because of the availability of food,
floor, space for sleep~ng bags~rooms,
discos etc on

campus, I so’

that the

Free accommodation cou
be found for ‘ people
‘r ‘i ving from Friday
night. , Transport

University of Kent
March 23, 24 etc beginning 11 am Saturday
. March-: :


,,~~~:z:-=::;;;.;.,-;:::, , ~ “‘–!:, ,

, felt that we should repting only
when we were sure that there was
sufficient demand to do so in
large quantities.

The meeting was keen to extend
our North American sales, perhaps
in the future even setting up a
, separa’t e distribution organisation
over there. Advertising material
is being prepared. Mike Dawney
agreed to take over responsibility
for advertising.

Richard Norman agreed to take
on responsibility for keeping track
of local groups’ activities and
!handling carununic~~ions between
them. Various opinions, about the
current atmosphere of student radijcalism were put forward in discuss’ ion. Now that the political
isituation had put workers pack at
Ithe forefront of the ~tru~gle,
lideas of students as the Red Base
‘ or the Tinder Box sparking off the
Irest were no longer vi~ble. Enterl ing into political struggles was
consequently very different for
! students from activity in student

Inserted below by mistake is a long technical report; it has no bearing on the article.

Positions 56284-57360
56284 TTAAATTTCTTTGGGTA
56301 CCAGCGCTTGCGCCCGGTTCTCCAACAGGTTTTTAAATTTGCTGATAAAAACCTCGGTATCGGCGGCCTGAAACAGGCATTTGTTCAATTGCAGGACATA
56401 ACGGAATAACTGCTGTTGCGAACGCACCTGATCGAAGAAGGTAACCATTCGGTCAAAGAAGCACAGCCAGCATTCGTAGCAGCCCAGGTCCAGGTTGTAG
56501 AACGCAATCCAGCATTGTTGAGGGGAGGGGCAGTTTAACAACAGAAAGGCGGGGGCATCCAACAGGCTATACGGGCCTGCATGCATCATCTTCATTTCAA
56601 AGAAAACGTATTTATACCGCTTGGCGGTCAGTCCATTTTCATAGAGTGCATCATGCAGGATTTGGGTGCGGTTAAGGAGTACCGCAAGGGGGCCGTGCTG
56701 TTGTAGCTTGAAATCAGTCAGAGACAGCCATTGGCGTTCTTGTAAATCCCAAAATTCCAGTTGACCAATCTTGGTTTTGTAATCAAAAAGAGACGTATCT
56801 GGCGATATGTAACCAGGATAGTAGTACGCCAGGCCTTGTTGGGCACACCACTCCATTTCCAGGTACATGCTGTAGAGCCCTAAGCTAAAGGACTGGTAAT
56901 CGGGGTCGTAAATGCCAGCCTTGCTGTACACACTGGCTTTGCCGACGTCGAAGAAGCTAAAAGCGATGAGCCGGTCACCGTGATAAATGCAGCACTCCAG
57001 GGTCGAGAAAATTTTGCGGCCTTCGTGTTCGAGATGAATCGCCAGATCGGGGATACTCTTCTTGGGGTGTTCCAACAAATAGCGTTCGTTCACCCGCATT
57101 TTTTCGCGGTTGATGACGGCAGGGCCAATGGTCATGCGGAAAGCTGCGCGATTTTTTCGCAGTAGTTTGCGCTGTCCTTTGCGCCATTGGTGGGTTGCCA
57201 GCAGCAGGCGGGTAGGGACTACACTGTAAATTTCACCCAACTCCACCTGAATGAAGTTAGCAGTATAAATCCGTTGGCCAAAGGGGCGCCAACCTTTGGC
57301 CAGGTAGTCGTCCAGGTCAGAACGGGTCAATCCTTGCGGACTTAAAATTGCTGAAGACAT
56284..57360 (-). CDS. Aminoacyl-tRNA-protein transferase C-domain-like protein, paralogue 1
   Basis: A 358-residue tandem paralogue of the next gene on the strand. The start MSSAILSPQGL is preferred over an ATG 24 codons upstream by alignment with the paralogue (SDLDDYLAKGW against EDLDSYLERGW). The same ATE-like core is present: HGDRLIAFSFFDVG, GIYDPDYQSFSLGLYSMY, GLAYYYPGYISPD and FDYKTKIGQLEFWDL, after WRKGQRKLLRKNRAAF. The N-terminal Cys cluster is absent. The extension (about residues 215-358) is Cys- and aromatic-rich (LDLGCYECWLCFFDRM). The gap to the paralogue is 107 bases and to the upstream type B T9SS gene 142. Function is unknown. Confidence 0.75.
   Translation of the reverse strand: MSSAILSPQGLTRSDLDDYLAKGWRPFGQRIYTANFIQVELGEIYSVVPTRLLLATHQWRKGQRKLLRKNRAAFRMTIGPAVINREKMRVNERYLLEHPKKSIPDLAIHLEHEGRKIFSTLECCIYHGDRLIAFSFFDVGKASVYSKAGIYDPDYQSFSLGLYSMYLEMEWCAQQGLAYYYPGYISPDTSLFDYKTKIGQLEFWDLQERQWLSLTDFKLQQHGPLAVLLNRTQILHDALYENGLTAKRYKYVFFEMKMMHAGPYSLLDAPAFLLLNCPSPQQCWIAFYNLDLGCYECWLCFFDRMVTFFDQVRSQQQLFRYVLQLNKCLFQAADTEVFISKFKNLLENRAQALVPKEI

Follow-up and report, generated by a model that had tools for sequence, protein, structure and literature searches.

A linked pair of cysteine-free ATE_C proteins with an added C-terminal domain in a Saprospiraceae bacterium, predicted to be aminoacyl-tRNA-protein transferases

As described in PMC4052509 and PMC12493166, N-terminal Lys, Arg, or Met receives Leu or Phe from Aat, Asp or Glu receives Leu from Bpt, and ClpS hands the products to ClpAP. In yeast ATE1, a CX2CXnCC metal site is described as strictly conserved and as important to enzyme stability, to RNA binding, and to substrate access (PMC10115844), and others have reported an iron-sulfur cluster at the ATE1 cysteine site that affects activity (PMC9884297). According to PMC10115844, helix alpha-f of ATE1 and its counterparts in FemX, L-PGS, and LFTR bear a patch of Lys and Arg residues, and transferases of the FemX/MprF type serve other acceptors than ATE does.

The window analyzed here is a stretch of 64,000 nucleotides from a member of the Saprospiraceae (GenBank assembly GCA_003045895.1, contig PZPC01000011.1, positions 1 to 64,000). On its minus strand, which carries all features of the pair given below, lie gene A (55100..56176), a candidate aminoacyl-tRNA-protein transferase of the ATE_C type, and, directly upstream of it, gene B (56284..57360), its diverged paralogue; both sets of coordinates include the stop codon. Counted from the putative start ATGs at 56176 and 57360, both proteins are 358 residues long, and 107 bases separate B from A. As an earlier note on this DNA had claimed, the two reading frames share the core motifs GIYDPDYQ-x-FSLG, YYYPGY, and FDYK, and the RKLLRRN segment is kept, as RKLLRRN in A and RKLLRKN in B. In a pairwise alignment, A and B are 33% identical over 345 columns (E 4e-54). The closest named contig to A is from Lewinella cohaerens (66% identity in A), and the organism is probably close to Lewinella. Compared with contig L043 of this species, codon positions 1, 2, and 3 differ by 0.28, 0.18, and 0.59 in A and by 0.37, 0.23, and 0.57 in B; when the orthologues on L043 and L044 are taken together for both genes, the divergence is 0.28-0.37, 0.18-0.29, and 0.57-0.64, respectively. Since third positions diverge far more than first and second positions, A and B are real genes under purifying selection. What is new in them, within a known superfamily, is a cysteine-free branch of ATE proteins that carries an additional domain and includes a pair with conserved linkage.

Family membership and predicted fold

‘ politics within the college; and
I ~any students were inactive in
: the former because they were now
Icontained within the inst!-tutions
, in which they studied.

Janet Vaux (18 New RoW, London
‘ WC2) agreed to convene the next
open meeting and draw up the
i agenda for it, and in the absence
lof other volunteers I will again
idraw up the report.

Noel Parker




Please contact us as soon as
possible, mentioning what you
are interested in doing and
discussing. This will enable
us to estimate numbers, make
arrangements and send further

wri te to
Richard Norman, Darwin College,
University of Kent at Canteroury
phone Canterbury 66822 or 60467
(evenings },

Open Meeting
‘The next Open Meeting will
be held at Canterbury on
Sunday 24 March at 2pm.

I tems for the ‘agenda to Janet
Vaux, 1 8 New ROW, London WC2